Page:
Helio seen on the ropes: and I saw it coming

I readily admit that when I get into "I told you so" mode, I am not all that charming.But sometimes the facts call for it.
Written by Russell Shaw, Contributor

I readily admit that when I get into "I told you so" mode, I am not all that charming.

But sometimes the facts call for it.

Like this morning when fellow blogger Andy Abramson cites press reports that indicates that EarthLink and SK Telecom's mobile Helio offering is bleeding cash and may be on the ropes.

Andy's main thesis is that MVNOs just aren't a great idea for U.S. markets. He then writes:

Beyond some very cool phones, Helio is still not offering too much in the way of "me different" that would cause a subscriber of Verizon or Sprint to switch. Their pricing plans are great, but the original promise by the company of what Helio would be (i.e. SK Telecom here in the USA) has not really been achieved. The prospect of what real high speed (up to 2 megabit) mobile data can mean is very enticing, but it will be a few years here in the USA before that is happening on the networks the way it does in South Korea.

What's more Helio wanted to go after the college and Asian markets originally, but seems to have become too much of a "me too" player vs. Amped, Boost and Virgin Mobile here in the USA. The lack of differentiation in market positioning, on store shelves. Their sharp and clever PR efforts aside, Helio is just not getting enough traction, and Earthlink, with a cash drain and other initiatives that need support may have to think hard about putting more money in unless it is part of a roll up strategy.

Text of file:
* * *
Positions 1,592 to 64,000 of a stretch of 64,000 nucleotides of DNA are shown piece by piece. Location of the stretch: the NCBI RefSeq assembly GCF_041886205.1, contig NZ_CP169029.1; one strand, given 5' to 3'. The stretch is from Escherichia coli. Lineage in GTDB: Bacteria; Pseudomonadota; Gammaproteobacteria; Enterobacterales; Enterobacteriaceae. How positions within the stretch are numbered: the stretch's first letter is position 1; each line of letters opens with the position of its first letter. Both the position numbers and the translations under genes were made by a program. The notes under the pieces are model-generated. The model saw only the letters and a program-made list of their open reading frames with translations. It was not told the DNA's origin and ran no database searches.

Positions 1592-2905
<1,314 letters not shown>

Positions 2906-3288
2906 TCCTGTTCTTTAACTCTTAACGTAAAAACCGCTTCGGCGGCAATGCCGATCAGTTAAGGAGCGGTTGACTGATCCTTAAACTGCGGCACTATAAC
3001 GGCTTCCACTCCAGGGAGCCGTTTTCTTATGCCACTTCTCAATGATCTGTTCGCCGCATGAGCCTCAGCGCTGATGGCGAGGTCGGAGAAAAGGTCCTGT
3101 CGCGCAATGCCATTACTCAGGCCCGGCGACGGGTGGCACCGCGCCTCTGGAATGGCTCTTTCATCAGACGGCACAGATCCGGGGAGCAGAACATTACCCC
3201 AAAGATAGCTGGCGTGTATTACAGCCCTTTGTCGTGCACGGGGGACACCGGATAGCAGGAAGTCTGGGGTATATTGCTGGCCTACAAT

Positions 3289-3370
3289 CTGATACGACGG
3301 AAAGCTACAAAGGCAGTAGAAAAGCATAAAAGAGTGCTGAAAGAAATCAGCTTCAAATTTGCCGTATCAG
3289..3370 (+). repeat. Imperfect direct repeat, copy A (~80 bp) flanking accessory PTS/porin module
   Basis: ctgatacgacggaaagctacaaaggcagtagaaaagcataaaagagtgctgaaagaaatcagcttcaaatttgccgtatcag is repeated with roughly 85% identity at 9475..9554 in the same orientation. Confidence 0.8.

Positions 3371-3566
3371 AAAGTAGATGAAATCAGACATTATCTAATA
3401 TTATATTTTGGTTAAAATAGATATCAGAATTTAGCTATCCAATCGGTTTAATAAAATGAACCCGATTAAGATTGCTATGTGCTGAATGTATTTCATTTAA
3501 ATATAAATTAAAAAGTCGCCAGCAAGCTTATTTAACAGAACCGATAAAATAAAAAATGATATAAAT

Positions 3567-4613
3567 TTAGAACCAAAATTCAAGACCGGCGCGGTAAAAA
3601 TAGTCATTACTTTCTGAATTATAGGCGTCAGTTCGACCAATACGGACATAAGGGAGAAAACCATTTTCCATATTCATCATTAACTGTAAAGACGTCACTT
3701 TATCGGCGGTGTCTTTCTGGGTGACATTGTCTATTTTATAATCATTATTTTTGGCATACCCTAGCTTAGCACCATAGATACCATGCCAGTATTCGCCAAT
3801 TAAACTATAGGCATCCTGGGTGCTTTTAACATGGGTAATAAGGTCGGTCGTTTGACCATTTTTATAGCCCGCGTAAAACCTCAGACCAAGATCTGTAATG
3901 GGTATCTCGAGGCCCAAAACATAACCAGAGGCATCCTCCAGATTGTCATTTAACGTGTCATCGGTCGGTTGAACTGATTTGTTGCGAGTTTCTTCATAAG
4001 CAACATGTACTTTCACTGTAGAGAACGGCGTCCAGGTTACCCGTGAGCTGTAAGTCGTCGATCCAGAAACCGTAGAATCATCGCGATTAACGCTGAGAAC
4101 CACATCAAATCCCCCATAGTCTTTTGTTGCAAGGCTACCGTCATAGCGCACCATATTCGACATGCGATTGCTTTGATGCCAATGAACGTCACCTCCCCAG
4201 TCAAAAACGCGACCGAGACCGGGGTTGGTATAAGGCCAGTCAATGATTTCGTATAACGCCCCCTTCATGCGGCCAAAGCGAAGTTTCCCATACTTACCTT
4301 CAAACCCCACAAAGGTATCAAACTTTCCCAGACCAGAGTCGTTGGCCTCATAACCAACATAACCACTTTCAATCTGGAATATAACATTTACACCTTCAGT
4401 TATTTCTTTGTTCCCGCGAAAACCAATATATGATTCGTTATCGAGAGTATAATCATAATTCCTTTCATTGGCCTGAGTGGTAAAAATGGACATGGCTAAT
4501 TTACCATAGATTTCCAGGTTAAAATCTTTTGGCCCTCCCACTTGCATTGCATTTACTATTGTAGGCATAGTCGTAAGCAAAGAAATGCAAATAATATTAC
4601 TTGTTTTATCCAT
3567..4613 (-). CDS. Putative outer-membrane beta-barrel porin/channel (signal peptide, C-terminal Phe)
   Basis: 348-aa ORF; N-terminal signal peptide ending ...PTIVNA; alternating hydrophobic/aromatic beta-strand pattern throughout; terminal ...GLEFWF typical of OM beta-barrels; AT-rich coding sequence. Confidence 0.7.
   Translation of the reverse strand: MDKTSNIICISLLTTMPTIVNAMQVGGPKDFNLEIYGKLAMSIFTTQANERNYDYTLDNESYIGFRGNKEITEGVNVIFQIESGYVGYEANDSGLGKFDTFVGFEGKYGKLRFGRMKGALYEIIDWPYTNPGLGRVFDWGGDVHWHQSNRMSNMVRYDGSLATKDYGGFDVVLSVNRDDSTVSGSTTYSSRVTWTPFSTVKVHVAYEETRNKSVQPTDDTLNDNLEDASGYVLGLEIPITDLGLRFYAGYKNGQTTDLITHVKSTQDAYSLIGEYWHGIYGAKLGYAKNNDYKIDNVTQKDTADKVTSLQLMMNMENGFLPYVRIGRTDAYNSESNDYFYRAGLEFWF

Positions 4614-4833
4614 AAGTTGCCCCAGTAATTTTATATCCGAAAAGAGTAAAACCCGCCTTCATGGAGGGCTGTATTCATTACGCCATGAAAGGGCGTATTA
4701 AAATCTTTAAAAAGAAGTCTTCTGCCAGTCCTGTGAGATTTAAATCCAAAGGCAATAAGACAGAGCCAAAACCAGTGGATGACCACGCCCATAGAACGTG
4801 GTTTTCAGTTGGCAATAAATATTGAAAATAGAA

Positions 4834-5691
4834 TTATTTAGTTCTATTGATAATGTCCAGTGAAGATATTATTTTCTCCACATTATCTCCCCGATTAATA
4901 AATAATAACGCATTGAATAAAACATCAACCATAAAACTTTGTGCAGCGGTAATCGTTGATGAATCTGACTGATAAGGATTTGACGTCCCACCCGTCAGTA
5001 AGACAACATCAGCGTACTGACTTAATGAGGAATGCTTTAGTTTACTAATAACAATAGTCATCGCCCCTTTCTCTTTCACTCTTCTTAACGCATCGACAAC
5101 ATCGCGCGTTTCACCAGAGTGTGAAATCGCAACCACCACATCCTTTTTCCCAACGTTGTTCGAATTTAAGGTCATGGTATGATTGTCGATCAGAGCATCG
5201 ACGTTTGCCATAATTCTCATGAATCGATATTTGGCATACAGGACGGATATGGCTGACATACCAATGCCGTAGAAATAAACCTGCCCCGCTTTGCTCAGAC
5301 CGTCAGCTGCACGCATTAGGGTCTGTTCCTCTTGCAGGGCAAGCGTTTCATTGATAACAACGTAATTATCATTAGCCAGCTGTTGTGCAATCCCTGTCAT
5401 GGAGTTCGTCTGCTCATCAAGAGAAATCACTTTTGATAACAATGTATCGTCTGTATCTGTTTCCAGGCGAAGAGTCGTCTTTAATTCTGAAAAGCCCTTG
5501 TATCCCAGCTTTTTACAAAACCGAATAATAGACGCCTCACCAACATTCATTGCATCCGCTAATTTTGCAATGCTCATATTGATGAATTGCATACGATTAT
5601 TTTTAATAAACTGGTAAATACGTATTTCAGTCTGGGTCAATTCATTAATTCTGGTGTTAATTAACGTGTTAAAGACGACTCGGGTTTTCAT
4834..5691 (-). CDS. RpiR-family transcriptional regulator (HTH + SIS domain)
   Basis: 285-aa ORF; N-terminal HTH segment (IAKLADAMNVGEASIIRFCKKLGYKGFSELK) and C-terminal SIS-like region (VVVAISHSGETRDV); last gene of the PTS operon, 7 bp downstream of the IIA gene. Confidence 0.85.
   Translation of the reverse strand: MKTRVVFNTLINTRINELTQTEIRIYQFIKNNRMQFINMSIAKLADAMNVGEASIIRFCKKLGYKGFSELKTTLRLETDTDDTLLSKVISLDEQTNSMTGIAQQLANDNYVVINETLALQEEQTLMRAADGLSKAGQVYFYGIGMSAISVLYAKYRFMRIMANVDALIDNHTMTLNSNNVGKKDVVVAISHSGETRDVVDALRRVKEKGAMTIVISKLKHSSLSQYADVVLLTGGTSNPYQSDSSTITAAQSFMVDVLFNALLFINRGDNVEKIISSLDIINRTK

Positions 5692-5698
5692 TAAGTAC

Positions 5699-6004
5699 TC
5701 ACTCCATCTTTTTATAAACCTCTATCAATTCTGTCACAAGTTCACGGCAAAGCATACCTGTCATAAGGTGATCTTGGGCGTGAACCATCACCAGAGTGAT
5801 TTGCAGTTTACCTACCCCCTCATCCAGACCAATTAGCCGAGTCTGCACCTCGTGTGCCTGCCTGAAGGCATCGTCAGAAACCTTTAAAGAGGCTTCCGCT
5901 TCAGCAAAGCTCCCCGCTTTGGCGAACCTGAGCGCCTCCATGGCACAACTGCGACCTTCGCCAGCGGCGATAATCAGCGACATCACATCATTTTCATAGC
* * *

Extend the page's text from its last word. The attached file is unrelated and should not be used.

Andy's prescient observations seem to be in line with what I wrote on February 7. In my post entitled: "You say Helio, and I say goodbye," I wrote in part:


In this environment where mainstream cell carriers will spare no expense to get their marketing and content propositions on any advertising media- mainstream or niche- that youthful eyeballs might encounter, how much chance does Helio really have to break out of niche player status?

Lesson 1: you can't market niche platforms and services in a conventional manner.

And sorry, I just don't see the virality here yet. Yea, sounds like a Stephen Colbert word, but I think that applies.

Prediction: unless things change, I believe Helio will be purchased by a major telecom. Then, they will integrate it as a niche app or perhaps, as an added suite of services.

 That's my opine, and I'm stickin' to it.

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